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Hephaistion Amyntoros

(Hephaestion, or Hephaistion, son of Amyntor)

Curtius calls him "omnium amicorum carissimus" to the king: dearest of all the friends. Alexander himself named him "Philalexandros"--friend of Alexander--in contrast to his great rival, Craterus (Krateros), who was merely "Philobasileus"--friend of the king. By the time of his death in Ecbatana in 324 BCE (only eight months before Alexander's own) he was the second man in the empire (Chiliarch), married to the sister of Alexander's own wife.

He and Alexander were coevals, and had shared their education under Aristotle at Mieza. They may have known one another before that. He was not a great military leader, and Alexander seems to have kept him away from (important) commands in actual battle. But this does not make him the incompetent or sycophant which he has sometimes been painted. Curtius stresses that he had great freedom to speak his mind to the king. And snatches of evidence in the extant sources suggest his real gifts were diplomatic and logistical, not military. It would be wrong to dismiss him as unimportant, and unnecessary to assume him a mere yes-man in order to get along with the king. His skills and those of Alexander were complimentary, not competitive.

We know little about his looks or personality. He was tall and, apparently, handsome. He also seems to have had a reputation for both charm and quarrelsomeness by turns. Later speculation whispered that he and the king had been lovers. While this is nowhere stated plainly, it is entirely possible. Nonetheless, it would be *reductive* to characterise their relationship solely in this way. Our model of friendship is not consonant with theirs. Within these ancient societies where homoerotic desire was freely, sometimes emphatically, expressed, intense friendships might well develop a sexual expression even while that expression was not the focus of the friendship.

Perhaps in the end, Alexander's own name for Hephaistion is best: Philalexandros. And so he has been known down through history: dearest of all the friends of the great Alexander.

Jeanne Reames-Zimmerman
(The Pennsylvania State University)

Here is another piece on Hephaistion, by Pothos Forum member Fiona:

Hephaestion son of Amyntor was Alexander’s closest friend (Curtius 3.12.16). A native of Pella (Arrian Indica 18), he shared Alexander’s education and upbringing (Curtius 3.12.16), and probably served in the army from an early age. He was commander of the bodyguards (somatophylakes) at Gaugamela (Diodorus 17.61.3), where he was wounded, and was later appointed joint commander, with Cleitus, of the Companion Cavalry (Arrian 3.27.4). At the end of the Persian campaign, he was decorated for bravery and leadership (Arrian 7.5.6). 

By the time of his death he was Chiliarch of the empire, Alexander’s second-in-command in both military and political spheres (Photius 92). 

His distinguished military career included various special missions. Some were diplomatic, such as the occasion when he selected a new king for Sidon (Curtius 4.1.16), and others related to engineering, such as when he and Perdiccas bridged the Indus (Arrian 4.23.59), or the construction of the new fort and harbour at Pattala (Arrian 6.18.1, 6.20.1).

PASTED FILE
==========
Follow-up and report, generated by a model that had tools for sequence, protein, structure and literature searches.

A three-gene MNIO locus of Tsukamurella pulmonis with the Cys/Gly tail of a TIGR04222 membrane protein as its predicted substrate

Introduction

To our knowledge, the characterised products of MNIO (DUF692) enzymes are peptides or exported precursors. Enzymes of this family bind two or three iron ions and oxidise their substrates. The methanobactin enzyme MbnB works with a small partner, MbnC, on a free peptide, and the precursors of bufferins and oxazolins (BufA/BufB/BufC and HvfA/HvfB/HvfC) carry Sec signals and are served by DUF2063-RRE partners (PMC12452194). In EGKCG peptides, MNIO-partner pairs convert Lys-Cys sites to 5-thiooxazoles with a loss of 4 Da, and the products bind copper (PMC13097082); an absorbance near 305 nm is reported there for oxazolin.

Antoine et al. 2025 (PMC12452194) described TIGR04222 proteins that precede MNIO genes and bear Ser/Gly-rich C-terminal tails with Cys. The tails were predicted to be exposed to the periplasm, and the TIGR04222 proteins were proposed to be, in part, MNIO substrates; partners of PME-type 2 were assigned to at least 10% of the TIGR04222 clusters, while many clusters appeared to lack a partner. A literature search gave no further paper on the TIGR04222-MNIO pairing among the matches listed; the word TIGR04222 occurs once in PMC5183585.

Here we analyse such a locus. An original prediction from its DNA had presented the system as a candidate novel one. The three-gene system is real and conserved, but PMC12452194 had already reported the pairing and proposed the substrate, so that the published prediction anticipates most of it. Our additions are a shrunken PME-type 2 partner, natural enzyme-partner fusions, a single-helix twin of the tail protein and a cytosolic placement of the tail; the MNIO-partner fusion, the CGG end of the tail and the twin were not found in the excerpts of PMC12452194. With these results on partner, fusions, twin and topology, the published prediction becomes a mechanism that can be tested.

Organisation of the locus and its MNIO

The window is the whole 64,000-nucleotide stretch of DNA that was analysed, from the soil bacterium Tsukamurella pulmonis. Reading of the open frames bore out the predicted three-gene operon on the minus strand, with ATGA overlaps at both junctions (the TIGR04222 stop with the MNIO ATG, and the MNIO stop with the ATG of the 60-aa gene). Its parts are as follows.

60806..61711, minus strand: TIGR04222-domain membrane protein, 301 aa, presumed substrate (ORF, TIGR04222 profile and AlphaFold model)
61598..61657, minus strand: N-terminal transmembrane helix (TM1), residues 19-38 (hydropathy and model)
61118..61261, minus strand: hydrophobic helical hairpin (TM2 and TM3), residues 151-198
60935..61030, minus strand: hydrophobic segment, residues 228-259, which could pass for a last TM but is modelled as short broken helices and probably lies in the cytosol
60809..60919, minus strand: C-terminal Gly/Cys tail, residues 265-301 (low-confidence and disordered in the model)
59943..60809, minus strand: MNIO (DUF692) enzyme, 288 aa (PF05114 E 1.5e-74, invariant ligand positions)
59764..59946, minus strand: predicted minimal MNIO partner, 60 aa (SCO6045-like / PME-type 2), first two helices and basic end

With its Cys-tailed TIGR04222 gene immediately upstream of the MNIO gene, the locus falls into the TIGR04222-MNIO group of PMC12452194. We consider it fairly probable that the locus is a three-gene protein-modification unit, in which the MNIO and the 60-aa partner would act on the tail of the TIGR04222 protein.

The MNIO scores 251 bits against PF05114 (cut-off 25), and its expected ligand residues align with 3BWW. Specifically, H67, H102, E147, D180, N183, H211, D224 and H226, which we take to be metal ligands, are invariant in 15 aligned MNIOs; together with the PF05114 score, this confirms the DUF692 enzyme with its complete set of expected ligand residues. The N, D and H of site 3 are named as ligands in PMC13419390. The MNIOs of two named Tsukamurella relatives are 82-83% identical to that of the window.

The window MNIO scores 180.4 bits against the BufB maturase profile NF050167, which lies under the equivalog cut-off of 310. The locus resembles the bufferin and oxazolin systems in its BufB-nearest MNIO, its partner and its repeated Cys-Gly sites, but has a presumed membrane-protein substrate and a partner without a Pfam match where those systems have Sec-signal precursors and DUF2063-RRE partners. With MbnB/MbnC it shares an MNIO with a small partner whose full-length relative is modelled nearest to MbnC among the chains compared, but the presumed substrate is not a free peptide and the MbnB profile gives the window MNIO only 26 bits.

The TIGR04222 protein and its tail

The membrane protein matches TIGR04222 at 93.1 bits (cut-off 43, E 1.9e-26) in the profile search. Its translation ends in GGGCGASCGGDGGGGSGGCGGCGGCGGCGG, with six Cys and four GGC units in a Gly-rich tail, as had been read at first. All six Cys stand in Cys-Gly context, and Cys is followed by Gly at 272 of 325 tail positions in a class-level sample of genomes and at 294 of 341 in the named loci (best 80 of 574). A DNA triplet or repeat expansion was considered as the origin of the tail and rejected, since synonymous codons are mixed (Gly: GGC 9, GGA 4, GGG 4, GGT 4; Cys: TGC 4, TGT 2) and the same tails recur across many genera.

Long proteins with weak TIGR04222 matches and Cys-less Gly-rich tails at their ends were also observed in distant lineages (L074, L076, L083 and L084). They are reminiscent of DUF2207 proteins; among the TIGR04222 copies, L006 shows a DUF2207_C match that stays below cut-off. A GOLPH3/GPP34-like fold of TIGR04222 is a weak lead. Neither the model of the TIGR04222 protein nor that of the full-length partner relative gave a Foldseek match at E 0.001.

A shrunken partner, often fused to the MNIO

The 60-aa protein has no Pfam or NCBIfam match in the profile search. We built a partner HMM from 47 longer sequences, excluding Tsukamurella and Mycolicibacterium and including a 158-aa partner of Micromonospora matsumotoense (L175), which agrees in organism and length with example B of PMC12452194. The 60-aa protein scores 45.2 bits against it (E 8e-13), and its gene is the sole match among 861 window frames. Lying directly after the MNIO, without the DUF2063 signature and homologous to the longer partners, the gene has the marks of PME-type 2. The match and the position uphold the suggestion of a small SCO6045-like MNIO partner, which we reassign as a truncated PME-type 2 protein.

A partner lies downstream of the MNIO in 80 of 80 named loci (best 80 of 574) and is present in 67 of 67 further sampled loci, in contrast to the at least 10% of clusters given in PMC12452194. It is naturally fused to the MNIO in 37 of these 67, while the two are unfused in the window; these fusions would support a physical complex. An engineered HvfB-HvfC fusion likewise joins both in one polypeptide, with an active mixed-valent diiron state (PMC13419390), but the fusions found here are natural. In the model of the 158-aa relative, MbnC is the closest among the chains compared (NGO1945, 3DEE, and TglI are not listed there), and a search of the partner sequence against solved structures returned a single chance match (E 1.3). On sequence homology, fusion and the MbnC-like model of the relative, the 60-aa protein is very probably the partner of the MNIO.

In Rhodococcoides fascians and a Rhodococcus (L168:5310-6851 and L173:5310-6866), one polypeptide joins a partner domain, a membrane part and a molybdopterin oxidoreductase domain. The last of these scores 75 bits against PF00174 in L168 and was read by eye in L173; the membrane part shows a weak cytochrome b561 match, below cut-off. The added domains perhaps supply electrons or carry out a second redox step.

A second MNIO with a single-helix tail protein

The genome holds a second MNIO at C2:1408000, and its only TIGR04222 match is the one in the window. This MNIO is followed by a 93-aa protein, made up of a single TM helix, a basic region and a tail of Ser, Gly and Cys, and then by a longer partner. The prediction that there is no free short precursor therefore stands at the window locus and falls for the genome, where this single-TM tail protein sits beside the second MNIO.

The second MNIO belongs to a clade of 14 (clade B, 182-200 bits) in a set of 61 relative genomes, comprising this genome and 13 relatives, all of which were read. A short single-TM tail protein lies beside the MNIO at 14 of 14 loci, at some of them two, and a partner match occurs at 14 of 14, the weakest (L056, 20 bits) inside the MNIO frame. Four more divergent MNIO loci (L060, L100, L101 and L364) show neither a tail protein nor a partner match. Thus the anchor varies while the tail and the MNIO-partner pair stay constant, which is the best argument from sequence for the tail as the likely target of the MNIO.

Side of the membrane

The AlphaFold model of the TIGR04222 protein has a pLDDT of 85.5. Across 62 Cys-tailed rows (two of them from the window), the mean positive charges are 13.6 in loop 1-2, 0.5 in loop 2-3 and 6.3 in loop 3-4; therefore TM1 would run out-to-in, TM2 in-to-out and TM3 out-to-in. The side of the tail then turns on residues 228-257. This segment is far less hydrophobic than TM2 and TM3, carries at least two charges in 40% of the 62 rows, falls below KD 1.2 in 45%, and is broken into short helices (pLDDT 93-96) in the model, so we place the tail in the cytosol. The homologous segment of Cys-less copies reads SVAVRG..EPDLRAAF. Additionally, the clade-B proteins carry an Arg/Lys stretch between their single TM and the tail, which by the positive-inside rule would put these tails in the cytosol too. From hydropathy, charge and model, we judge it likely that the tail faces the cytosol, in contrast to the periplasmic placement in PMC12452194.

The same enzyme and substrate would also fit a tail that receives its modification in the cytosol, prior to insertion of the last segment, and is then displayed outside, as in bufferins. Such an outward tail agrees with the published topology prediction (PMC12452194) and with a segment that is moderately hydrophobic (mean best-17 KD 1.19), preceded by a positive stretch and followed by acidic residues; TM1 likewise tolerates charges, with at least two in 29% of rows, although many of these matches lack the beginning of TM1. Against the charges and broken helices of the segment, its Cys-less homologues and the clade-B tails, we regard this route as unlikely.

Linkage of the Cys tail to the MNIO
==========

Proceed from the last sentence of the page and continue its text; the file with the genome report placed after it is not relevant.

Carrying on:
Hephaestion’s interests were not limited to the military and technical; he corresponded with the philosophers Aristotle and Xenocrates, (Diogenes Laertius, Aristotle 5) and actively supported Alexander in his attempts to integrate Greeks and Persians (Plutarch Alexander 55.1). 

In all that Alexander undertook, Hephaistion was at his side, a man he trusted completely and one upon whom he increasingly relied. Towards the end of the Bactrian campaign, when Alexander had cause to divide his forces, it was Hephaistion to whom half were entrusted when the objectives were not clear-cut, and Alexander needed someone who would be able to do what he would have done himself (Arrian 4.22.58). 

Such was Alexander’s regard for Hephaestion, that when he and his officers took Persian brides, Hephaestion was given Drypetis, daughter of the former king Darius, and sister to Alexander’s own bride, Stateira. Alexander stated that he wished for their children to be cousins (Arrian 7.4.29). 

Their working partnership was strong, and there is evidence that Alexander saw Hephaestion as an alter ego. He was free to speak his mind to the king, and Alexander, for his part, trusted Hephaestion with his secrets (Curtius 3.12.17). 

It’s also entirely likely that they were lovers. None of the extant sources says so in so many words, but by the time those were written down, such a love was already being frowned upon (Horace Epistles 2, 1, 156). Nevertheless, several well-attested incidents suggest that this was indeed the case. For example, Alexander and Hephaestion publicly honoured their dead heroes, Achilles and Patroclus, at Troy (Arrian 1.12.1). Even more telling is Alexander’s overwhelming grief at Hephaestion’s death. He had to be dragged away from the body (Arrian 7.14.6), and he ordered the sacred fires extinguished, a thing which was normally only done on the death of the Great King himself (Diodorus 17.114.4). 

Hephaestion died at Ecbatana in October 324, of a fever which had similarities to typhoid (Plutarch Alexander 72.2). His funeral was probably the most expensive in history (Arrian 7.15.5), and with the permission of the oracle at Siwa, he was honoured as a divine hero (Arrian 7.23.8). Many of the splendid monuments in his memory went uncompleted. Alexander was still planning them at the time of his own death, just eight months later (Arrian 7.23.10).

Written by Fiona